Fearsome Fangs, for a Plant-Eater
By SINDYA N. BHANOO
Published: March 25, 2011
Researchers in Brazil have discovered a 260-million-year-old fossil species with a fearsome array of peculiar teeth: a set running down the middle of its mouth, and ferocious canines that were never used to eat flesh.
Juan Cisneros/Science, via Associated Press
The skull of Tiarajudens eccentricus.
The new species, slightly larger than a wild pig, is a member of the extinct group of mammal-like reptiles called therapsids, the most abundant four-footed species during the Permian period. The paleontologists who found it in southern Brazil, near the borders of Argentina and Uruguay, are calling it Tiarajudens eccentricus; their find is described in the current issue of the journal Science.
The short-snouted species also had top and bottom teeth that fitted together, as human teeth do, allowing it chew with ease.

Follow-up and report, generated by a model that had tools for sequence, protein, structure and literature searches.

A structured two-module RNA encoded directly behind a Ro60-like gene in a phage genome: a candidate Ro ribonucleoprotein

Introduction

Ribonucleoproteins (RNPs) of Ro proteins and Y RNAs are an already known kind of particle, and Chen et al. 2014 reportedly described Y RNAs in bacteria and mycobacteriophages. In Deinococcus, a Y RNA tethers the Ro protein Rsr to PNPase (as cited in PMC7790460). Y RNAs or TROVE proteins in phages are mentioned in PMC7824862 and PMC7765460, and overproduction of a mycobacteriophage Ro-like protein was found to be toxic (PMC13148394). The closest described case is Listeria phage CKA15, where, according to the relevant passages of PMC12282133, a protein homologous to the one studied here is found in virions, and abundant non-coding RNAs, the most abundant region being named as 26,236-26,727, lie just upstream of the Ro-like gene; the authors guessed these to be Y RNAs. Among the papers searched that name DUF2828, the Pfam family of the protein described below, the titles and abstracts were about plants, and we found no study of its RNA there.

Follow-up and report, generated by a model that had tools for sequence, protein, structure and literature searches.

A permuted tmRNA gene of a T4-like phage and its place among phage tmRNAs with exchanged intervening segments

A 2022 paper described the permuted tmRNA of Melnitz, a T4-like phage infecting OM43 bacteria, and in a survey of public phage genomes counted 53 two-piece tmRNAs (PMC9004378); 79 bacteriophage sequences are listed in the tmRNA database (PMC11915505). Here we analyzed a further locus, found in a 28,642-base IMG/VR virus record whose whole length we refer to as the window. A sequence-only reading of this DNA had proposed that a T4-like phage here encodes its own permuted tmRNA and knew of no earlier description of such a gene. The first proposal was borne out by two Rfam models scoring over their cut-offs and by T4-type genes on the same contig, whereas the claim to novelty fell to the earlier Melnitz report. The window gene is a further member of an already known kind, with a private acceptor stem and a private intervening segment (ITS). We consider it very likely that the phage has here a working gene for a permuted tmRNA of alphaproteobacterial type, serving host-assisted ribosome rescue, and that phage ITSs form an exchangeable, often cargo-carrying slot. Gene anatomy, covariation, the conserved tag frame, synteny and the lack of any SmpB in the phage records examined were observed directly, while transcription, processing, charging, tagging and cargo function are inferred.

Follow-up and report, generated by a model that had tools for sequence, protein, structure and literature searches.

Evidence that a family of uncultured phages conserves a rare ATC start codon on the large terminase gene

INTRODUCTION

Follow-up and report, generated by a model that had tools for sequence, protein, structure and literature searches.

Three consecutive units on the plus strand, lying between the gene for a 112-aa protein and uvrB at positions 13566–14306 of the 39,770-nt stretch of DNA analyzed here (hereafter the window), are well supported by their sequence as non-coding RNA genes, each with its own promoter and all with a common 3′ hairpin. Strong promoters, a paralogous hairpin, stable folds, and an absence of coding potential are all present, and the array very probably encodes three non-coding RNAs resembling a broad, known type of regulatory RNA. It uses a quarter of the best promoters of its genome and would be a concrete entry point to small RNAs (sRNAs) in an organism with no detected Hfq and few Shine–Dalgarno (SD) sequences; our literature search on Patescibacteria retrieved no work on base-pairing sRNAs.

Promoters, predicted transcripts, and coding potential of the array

“This was very unusual for the time for animals,” said the lead author, Juan Carlos Cisneros, a paleontologist at the Federal University of Piauí.
Tiarajudens was herbivorous, and the researchers suspect that its long canines — similar to those of a saber-toothed cat — may have been used to ward off predators, or by males to fight members of the same species.
Male musk deer have similar canines, Dr. Cisneros said. “That’s something we thought modern herbivores invented, so it’s interesting that in this ancient time, we already had these strategies